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David Baker, Mayor of Semmes, Alabama, visits the ECMHSP Semmes Center.

In addition, the City Hall of Semmes is very engaged with the center. Last year, David Baker, Mayor of Semmes, Alabama, accepted the center’s invitation and attended the literacy festival, where he shook the hands of many of our ECMHSP parents.  Ilsy looks forward to a great 2018 season at the Semmes Center.  She has promised to stay in touch and continue sharing the growth of her community.

Building Trust in Loxley

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The ECMHSP Loxley Center in Loxley, Alabama, welcomed more than 40 children on Monday, May 7.  The families we serve work with a variety of crops, such as: sweet potatoes, potatoes, strawberries, corn, green beans, and peppers.  Dignora Bonilla is confident that in the upcoming weeks, more than 100 children will fill the center with joy and laughter, especially since a third person has been recently added to her team to help with recruitment.

Dignora came to U.S. from the Dominican Republic at the age of 16.  She joined the East Coast Migrant Head Start Project family in 2009 as an Assistant Teacher at the Loxley Center.  About a year later, she was appointed as the Family Services Coordinator.  During the last nine years at ECMHSP, her passion of serving farmworker families has allowed her to grow professionally and take advantage of the educational opportunities.

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Dignora Bonilla, Family Services Coordinator at ECMHSP Loxley Center, enjoys reading to the kids.

Dignora shares that new families tend to have a difficult time at the beginning of each season, which is the reason why it’s so important for her to build trust the first time she meets with them.  A couple seasons ago, she recalls a single mother dropping off her four-year-old child on the first day.  They both hugged each other as they cried their eyes out.  The woman told Dignora that she wasn’t sure about leaving her son anymore. Dignora comforted her by saying she would keep a close eye on her son.  “Your child is safe with us.  Please allow us to place him on this path to school success,” said Dignora.  About 10 minutes after the child’s mom left, Dignora found him in the playroom interacting and laughing with the other children, so she sent mom a picture to give her peace of mind.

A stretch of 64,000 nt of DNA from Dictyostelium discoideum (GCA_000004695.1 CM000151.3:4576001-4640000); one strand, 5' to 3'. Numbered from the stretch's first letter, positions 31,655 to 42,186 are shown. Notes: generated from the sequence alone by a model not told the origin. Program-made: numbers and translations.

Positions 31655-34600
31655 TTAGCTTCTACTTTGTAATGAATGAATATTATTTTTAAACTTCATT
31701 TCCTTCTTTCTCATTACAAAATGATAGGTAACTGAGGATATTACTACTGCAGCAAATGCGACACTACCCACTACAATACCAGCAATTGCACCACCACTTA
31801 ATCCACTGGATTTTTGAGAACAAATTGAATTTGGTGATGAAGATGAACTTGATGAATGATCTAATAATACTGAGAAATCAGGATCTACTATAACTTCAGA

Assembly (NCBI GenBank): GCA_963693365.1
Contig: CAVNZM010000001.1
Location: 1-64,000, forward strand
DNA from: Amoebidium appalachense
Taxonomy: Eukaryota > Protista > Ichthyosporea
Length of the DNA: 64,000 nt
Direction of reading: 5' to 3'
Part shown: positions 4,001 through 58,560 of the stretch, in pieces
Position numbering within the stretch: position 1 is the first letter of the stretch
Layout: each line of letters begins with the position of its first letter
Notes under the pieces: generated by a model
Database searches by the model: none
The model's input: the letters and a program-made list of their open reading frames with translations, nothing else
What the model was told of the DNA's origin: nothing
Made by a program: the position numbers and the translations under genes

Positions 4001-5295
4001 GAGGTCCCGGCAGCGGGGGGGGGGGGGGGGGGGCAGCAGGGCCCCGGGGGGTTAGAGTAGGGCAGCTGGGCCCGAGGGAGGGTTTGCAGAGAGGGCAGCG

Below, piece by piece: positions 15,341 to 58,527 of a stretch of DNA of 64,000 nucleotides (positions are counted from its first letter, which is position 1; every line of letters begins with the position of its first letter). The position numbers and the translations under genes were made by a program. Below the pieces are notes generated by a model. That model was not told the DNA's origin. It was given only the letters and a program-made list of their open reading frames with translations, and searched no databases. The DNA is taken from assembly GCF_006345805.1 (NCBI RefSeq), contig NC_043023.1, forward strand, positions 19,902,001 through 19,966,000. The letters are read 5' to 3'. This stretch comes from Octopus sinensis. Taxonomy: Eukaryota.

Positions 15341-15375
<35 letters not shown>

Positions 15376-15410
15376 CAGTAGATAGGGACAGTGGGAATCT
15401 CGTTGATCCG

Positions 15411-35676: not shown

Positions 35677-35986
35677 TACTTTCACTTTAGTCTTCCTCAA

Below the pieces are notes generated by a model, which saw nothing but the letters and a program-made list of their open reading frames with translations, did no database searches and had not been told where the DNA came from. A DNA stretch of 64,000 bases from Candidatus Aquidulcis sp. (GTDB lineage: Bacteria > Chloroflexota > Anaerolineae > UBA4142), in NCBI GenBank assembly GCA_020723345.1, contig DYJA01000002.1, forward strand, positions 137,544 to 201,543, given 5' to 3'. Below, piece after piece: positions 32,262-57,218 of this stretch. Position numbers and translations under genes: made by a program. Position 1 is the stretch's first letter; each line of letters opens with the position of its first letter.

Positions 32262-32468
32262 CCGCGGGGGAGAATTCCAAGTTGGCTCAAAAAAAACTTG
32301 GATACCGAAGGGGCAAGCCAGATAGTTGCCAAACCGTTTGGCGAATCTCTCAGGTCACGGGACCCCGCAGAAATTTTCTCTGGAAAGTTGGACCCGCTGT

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The Loxley Center children are really excited to participate in crazy hair day. 

What is the key to her team’s success with our farmworker families?  Respecting their values, being culturally sensitive, and always reminding them of the organization’s open-door policies.  Farmworker families at the Loxley Center are immigrants from Mexico, Honduras, Nicaragua, and Guatemala.  When asked about the uniqueness of her center, Bonilla points out that the Loxley staff is very dedicated. “We make things happen. Our center is the priority, so if we need additional training to cover a different position, we do it,” says Dignora proudly. All teams come together to ensure that they provide high quality services for our farmworker families.  Stay tuned as the Loxley Center continues to advocate for more farmworker families.

Two Decades of Serving North Carolina Farmworker Families

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Celia Rodriguez was born in Mexico and came to the U.S. when she was two years of age.  Her parents were farmworkers for more than 30 years, so she knows firsthand how much migrant farmworker families struggle.  Celia recalls being a migrant farmworker child between the ages of 10 and 14 years.  The hardest thing about being a migrant farmworker child was adjusting to a new school and making friends.  Celia couldn’t make close friendships because she moved every three months. Another difficulty she faced was that each school had a different curriculum.

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During her first day at the ECMHSP Long Creek Center, a child plays with her teacher.

Today, she’s been working at the ECMHSP Long Creek Center in North Carolina for 21 years as a Family Services Coordinator.  The Long Creek Center serves primarily three groups of families during the season.  First, the families who come to pick strawberries from early April and usually stay until late June or early July.  Then, there are the blueberry families who usually arrive in May and leave the first week of July.  Lastly, the tomato families arrive around July and stay until the end of the season, which is in late September.

Part of Celia’s profession is to build strong community partnerships, which can sometimes provide life-saving services.  Last year, a four-year-old child at Long Creek Center was found to have a brain cyst.  A nurse at Pender County Health Department and a social worker tried endlessly to get the child an appointment to see a specialist.  Celia served as a point of communications between the medical professionals and the child’s family.  During more than two decades of working at ECMHSP, Celia had never felt so much frustration for not being able to help as she watched the child’s mom crying on a regular basis, pleading for an appointment.  After six weeks, Chapel Hill Hospital was finally able to perform a CAT scan and informed the parents that the cyst would not hurt their child’s development.  The family and the ECMHSP staff were relieved with the news.